Updated: September 27, 2021 7:09:39 am
Karnataka on Sunday reported 775 new cases of Covid-19 and nine more deaths, taking the total number of infections to 29.73 lakh and toll to 37,726, the health department said on Sunday.
The day also saw 860 discharges, taking the total number of recoveries in the state so far to 29,22,427.
Out of 775 new cases reported on Sunday, 255 were from Bengaluru Urban, as the city saw 205 discharges and three deaths. The total number of active cases in the state is now at 13,213.
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While the positivity rate for the day stood at 0.54 per cent, the case fatality rate (CFR) was at 1.16 per cent. Out of the nine deaths reported on Sunday three are from Bengaluru Urban, while one fatality each was reported from Belagavi, Dakshina Kannada, Hassan, Kodagu, Mysuru and Shivamogga.
Among the districts where the new cases were reported, Bengaluru Urban accounted for 255, Dakshina Kannada 99, Mysuru 81, Kodagu 55, Chikkamagaluru 52, followed by others.
Bengaluru Urban district tops the list of positive cases, with a total of 12,45,490, followed by Mysuru 1,77,769 and Tumakuru 1,20,098.
Cumulatively a total of 4.71 crore samples have been tested in the state so far, out of which 1,40,970 were tested on Sunday alone.
Positive immune response found in most people even 6 months after second jab: Study
As much as 99 per cent of a group comprising 250 healthcare workers have showed a positive antibody response six months after they got their second jab in February, a study conducted at the state-run Sri Jayadeva Institute of Cardiovascular Sciences in Bengaluru found.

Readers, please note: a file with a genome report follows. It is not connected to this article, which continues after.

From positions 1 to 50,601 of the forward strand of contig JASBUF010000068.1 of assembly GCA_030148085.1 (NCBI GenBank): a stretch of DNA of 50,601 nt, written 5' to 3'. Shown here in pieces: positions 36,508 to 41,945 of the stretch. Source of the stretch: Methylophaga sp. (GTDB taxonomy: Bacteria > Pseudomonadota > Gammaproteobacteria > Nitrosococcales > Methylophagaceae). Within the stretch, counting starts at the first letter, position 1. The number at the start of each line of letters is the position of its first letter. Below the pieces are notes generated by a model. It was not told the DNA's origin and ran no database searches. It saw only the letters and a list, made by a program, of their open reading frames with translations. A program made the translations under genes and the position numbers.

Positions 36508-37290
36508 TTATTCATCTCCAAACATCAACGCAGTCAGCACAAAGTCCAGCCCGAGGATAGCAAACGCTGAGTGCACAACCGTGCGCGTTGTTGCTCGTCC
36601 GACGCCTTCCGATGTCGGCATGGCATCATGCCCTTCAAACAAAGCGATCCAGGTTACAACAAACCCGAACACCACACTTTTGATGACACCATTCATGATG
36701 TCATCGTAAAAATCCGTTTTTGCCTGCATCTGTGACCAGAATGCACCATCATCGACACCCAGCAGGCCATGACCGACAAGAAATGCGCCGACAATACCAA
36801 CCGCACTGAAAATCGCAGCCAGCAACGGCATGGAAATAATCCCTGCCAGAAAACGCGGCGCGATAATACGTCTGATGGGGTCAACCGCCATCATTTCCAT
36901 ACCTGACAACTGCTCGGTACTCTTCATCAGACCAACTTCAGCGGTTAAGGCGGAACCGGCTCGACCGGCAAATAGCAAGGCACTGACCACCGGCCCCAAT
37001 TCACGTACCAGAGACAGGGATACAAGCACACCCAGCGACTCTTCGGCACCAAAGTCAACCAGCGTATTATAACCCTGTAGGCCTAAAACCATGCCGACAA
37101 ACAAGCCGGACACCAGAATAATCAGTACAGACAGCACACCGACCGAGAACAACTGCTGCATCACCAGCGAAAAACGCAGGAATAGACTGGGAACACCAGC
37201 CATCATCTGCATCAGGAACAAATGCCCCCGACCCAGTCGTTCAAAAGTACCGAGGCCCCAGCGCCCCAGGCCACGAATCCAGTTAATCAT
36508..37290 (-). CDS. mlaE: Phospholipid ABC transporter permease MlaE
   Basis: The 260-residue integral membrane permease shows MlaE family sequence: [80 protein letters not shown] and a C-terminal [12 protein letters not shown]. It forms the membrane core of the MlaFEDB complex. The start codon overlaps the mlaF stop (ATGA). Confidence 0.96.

The study was conducted to assess the need for a booster dose of the Covid-19 vaccine.
Researchers, including doctors from the Department of Microbiology at the institute, clarified that the study looked into the robustness and longevity of antibodies against Covid-19 infection. The group included an equal number of men and women.
While a good antibody response was noted in 80 per cent of those included in the study in April, the same rose to 90 per cent in September, the study found.
Interestingly, around 20 per cent of the workers who initially did not have a positive immune response in April showed a significant improvement in antibody levels during September, the Director of the Institute Dr C N Manjunath noted, terming them “delayed responders”.
“Out of these 250, around 19 health workers who were Covid-infected showed the highest antibody responses. Only 10 health workers showed the decline in antibody levels from April to September, but still remained in the positive immune response limits of 4 per cent,” he noted.
Further, Dr Manjunath added that the study also indicated that administering Covid vaccines at four weeks’ interval was highly effective, with the immune response being sustained for six months. This observation is expected to have an impact on the booster dose vaccine policy.
However, the group is planning to restudy the same at the end of one year. “Our study has cleared their doubts and also provided evidence that a booster shot may not be required,” he added.
(With PTI inputs)
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